The Million Year Baby: In Argentina Uranium-Polluted Water Is "Legally Safe to Drink"Published by MAC on 2005-08-15
The Million Year Baby
Finally, when uranium has passed from the ground, through the mines and mills, and is burned in nuclear reactors, there remains the even more intractable problem of "storing" or neutralising millions of tonnes of radioactive detritus. Uranium-dependent nations look to the US - as the repository of the largest amount of such wastes - to show how it should be done. But in Argentina (just one example) there isn't even agreement on the standards which should be observed regarding uranium-polluted water .
As the US embarks on a new era of nuclear power plant construction, the ugly truth is that there is no generally-agreed safe solution. The US administration is proposing to create a "facility" on Indigenous territory in the Yucca mountains, Nevada to which wastes will be trucked through no less than 44 states. The US EPA claims the world's most massive radioactive dump will protect future generations from damaging consequences over the next milion years (sic). But the state of Nevada, and many others, are vehemently opposed. Senator Harry Reid, Democrat minority leader in the US Senate calls the proposal "voodoo science", claiming it will lower existring groundwater standards, since the wastes will sit atop vital aquifers.
ARGENTINA: Uranium-Polluted Water Is "Legally Safe to Drink"
BUENOS AIRES, Mar 24 (IPS) - Laboratory testing ordered by an Argentine court concluded that the water consumed by close to a million people living near a nuclear facility is contaminated with uranium and not fit for human consumption.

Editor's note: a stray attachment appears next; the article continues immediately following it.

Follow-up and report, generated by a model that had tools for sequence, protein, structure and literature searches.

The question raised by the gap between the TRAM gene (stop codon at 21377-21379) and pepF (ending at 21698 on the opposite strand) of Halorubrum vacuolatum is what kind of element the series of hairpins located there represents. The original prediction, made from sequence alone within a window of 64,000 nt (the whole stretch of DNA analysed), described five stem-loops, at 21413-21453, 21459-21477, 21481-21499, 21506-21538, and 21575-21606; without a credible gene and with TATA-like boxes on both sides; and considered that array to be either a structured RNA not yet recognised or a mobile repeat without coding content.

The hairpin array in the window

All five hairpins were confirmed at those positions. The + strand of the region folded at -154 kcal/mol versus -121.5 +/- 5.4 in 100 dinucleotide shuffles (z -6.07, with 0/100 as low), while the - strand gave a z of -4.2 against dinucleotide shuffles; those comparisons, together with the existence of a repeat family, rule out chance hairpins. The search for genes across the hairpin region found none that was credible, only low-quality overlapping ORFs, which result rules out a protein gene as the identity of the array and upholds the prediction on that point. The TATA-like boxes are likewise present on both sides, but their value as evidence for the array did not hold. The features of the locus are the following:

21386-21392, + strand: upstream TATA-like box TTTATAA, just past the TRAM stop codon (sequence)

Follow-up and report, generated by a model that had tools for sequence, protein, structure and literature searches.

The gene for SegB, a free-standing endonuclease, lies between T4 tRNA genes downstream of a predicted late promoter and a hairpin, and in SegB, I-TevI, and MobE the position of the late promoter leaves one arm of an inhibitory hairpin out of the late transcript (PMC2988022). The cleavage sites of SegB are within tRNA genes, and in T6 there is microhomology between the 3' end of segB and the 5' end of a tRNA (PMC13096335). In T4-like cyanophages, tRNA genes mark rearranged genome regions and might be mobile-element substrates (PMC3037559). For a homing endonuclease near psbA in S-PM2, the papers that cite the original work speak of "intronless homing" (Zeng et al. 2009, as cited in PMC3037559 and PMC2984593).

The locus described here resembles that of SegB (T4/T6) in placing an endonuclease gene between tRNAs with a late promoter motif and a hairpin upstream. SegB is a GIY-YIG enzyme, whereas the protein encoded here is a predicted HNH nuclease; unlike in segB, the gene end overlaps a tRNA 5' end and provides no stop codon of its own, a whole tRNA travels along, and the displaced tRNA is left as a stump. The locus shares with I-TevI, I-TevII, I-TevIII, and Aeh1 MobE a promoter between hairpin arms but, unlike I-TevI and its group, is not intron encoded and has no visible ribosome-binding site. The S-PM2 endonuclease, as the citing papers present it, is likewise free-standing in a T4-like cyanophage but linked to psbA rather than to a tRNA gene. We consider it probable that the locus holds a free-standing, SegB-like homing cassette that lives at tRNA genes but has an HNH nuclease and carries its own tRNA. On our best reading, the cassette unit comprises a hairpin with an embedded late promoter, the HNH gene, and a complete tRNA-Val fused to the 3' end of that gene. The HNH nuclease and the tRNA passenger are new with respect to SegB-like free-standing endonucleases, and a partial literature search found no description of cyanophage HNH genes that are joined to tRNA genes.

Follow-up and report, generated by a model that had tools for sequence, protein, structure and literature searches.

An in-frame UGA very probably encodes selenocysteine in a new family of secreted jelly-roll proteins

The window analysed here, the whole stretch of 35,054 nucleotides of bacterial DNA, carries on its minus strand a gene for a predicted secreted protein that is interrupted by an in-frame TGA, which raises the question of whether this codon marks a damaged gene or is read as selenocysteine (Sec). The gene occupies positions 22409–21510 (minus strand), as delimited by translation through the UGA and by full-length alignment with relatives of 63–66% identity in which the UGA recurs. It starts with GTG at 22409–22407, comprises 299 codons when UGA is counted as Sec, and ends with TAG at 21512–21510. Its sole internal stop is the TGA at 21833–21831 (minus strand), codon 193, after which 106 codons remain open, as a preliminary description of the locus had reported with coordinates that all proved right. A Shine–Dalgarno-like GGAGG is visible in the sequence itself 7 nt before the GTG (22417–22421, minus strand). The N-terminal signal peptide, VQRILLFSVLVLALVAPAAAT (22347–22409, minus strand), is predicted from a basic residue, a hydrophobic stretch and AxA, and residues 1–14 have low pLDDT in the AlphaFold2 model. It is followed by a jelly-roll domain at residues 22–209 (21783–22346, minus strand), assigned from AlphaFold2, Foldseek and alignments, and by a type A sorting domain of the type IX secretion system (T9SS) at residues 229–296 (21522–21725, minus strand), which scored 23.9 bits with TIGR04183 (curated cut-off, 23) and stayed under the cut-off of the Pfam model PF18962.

However, there is every indication that the residents affected will be defeated in the legal proceedings underway for the last five years.
On Wednesday, environmental activists from Greenpeace Argentina dressed up as waiters and attempted to serve "uranium-contaminated" mineral water to Minister of Federal Planning, Public Investment and Services Julio de Vido outside the headquarters of the ministry, which oversees the country's nuclear activities.
The issue goes back to 1958, when the Ezeiza Atomic Centre (CAE) -- located 40 kilometres from the Argentine capital and next to the international airport of the same name -- began to bury radioactive waste despite the protests of nearby residents who feared the contamination of the Puelches aquifer, the source of their drinking water.
Argentina has two fully functioning nuclear plants, Atocha I and Embalse, under the direction of the National Atomic Energy Commission and agencies for the development of nuclear technology applied to health care, agriculture and industry. The CAE is one of these agencies.
Despite continued protests, no action was taken until 2000, when a federal prosecutor saw a complaint published in the letters to the editor section of a Buenos Aires newspaper and proceeded to file a suit in the federal court of Judge Alberto Santamarina.
The letter had been written by Valentín Stiglitz, president of the Association Against Environmental Pollution in the Buenos Aires district of Esteban Echeverría.
In his letter to the editor, Stiglitz called attention once again to the danger of uranium contamination of the water from the Puelches aquifer, resulting from the CAE's burial of radioactive waste nearby, a practice that continued until the late 1990s.
Esteban Echeverría, Ezeiza, Montegrande and la Matanza are heavily populated working-class districts of Greater Buenos Aires that have all been affected by the pollution. Claudio Carusso, a member of the Association, told IPS that the number of people endangered is close to one million.
After two years of struggling with the lack of funds to pay for the water to be tested abroad, the judge contracted geologist Fernando Díaz of the University of Buenos Aires to carry out the testing. He submitted his results in late December 2004.
A copy of the study, more than 600 pages in length, was anonymously deposited in the mailbox of the Esteban Echeverría headquarters of the Association, said Carusso, which is how the local residents learned of its results.